Award-winning Japanese film ‘Drive My Car’ fails to impress this reviewer

Do you know the feeling of being bored by a movie that most critics and your friends think is great? It happens to me from time to time, but I hesitate to say it publicly. Too annoying! So I say nothing. However, sometimes I go public.

Case in point…. Last year’s Japanese production Drive My Car which was directed and co-written by often brilliant filmmaker Ryusuke Hamaguchi. The film is based on several short stories by Haruki Murakami. Hamaguchi has received praise for his previous feature films, especially for Happy Hour, which was gripping and almost unreported, even as the longest Japanese film ever made at 5 hours 17 minutes.

I lost interest for the first half hour of Drive My Car, not realizing that the first forty minutes or so featured an introduction to events yet to come. I put the film aside, but the next day I persevered and finished the 3 hour film. Drive My Car has won major awards and garnered a long list of nominations. It won the BAFTA award for Best Non-English Language Film and the Oscar for Best International Feature at this year’s ceremonies. The Critics Metascore on is 91. The Critics Tomatometer on Rotten Tomatoes reads 97%, though the Audience Score lags the critics at 78%.

It’s a well-produced film, and the direction, cinematography, editing, and acting are all top-notch. It’s the scenario that really lacks power, and the pace, especially the first hour, drags on. The story: In Hiroshima, a middle-aged couple, both successful theater people, lost a child. The woman is having fun. Still, it’s a love match. Then she leaves the stage. The bereaved husband struggles to move on. Two years pass and he is about to direct a production of Uncle Vanya. Interesting? Could have been.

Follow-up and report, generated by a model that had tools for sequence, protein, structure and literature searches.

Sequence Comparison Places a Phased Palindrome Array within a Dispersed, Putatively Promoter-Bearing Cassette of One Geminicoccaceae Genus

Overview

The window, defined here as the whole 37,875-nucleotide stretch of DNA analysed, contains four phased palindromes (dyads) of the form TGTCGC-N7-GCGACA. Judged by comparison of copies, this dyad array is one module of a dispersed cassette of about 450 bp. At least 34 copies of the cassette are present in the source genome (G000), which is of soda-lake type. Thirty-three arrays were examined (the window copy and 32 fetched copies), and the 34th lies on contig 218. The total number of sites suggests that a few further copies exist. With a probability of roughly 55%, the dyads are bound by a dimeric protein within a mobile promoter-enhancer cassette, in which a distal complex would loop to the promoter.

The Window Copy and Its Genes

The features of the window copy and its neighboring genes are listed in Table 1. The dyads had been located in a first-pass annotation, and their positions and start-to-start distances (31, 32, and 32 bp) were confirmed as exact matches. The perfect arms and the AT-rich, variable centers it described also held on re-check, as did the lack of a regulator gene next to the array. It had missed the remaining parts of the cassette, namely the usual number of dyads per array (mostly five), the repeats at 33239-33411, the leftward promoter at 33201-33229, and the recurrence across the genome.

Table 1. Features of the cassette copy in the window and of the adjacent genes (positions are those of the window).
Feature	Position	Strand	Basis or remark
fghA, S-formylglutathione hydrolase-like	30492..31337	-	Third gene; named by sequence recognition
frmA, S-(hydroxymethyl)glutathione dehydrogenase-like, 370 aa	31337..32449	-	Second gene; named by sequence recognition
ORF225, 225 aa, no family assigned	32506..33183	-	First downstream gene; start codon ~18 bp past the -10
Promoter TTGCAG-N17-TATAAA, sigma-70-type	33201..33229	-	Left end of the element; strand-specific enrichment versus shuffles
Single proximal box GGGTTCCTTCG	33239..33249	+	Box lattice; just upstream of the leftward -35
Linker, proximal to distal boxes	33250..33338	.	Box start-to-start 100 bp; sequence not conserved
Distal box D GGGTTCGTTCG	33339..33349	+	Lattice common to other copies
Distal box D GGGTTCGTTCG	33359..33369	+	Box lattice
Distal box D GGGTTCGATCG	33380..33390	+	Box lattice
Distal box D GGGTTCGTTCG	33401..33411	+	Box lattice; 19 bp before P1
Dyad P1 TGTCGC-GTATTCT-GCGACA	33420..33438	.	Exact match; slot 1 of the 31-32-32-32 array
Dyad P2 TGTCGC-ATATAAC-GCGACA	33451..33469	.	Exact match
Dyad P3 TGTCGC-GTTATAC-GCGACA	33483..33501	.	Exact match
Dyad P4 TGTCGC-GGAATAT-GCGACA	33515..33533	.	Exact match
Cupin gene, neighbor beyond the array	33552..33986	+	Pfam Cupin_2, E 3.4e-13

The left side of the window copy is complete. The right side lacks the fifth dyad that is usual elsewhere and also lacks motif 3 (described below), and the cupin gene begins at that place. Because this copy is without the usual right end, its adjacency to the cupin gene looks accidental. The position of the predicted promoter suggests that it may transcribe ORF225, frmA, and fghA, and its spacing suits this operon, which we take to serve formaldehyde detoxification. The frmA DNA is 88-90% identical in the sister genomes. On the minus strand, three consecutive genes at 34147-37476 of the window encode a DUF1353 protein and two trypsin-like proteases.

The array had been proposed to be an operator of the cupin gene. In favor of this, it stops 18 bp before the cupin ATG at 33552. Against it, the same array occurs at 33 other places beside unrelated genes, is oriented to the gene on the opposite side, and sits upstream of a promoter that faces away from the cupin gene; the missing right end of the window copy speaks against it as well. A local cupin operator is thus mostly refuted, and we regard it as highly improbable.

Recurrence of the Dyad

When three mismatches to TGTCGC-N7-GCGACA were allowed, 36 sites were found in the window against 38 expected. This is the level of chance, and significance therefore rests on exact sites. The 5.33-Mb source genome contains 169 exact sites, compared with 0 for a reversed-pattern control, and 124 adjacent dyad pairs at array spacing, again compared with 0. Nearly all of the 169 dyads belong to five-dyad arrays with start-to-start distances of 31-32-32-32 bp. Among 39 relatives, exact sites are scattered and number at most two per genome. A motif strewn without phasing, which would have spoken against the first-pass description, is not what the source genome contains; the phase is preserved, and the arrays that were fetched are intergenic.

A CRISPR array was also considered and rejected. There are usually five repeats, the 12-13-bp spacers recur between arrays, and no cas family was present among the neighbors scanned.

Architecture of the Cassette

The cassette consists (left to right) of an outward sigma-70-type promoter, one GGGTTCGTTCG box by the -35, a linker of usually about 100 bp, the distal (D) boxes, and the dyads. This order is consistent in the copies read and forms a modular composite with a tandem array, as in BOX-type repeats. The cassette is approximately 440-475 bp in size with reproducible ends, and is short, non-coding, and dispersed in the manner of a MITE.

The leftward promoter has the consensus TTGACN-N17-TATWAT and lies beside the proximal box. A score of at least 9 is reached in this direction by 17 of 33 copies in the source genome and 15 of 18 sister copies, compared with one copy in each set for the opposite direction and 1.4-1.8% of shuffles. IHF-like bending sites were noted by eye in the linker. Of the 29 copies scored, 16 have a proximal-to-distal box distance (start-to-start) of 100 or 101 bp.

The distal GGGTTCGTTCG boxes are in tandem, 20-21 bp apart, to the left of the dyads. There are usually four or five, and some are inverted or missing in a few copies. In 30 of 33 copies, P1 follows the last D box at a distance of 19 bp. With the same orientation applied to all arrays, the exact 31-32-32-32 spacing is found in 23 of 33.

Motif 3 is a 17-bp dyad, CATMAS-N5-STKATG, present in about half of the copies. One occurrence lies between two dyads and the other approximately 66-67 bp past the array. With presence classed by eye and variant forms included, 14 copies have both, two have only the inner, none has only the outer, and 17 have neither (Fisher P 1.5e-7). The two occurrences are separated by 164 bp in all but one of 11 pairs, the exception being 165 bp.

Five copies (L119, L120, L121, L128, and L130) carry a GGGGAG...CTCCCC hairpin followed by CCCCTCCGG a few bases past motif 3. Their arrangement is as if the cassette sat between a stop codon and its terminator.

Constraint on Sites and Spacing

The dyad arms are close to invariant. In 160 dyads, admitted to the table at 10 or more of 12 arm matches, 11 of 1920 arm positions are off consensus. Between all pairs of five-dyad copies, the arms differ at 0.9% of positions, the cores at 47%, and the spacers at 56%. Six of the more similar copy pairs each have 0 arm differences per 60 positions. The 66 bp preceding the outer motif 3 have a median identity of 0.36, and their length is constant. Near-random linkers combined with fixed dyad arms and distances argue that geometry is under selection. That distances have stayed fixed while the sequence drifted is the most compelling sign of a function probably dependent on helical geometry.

Too much time is spent in repetitive recitations of lines that the dead wife recorded and the husband practices in the car. The plot never really takes off, but maybe that’s Hamaguchi’s style. He avoids the melodramatic. At the third hour, the husband is in the car with a handsome young actor who had had an affair with the deceased wife. Here we are at the emotional and perhaps intellectual heart of the film.

The young actor tells the husband that you have to be grateful to live 20 years with one person. “Even if you think you know someone well, even if you love that person deeply, you can’t look completely into that person’s heart. You’ll just feel hurt. But if you try hard enough, you should be able to look well into your own heart. So ultimately what we should do is be true to your own heart and competently accept it. If you really want to look at someone, the only option is to look at yourself squarely and deeply.

The character giving the speech is a troubled but sensitive guy, but the writers chose to put these philosophical thoughts in his mouth, and there’s no apparent attitude to get us to dismiss his thoughts. I have read and reread this speech. This is philosophical gibberish. But it’s one of the two key moments in the film.

I understand that Hamaguchi strives for a pacing that reflects real life. I understand that he may be more interested in character development than building an action-packed, emotional plot. Still, while respecting Hamaguchi for creating an art film with care, I resent him for challenging me with such an uninspired script. Well, now I said it. While most of the rest of the film world, including critics, festival programmers and audiences, praised Drive My Car, I didn’t like it. I was bored.

Audrey Kupferberg is a retired film and video archivist and evaluator. She is a Distinguished Lecturer and former Director of Film Studies at the University at Albany and co-author of several entertainment biographies with her late husband and creative partner, Rob Edelman.

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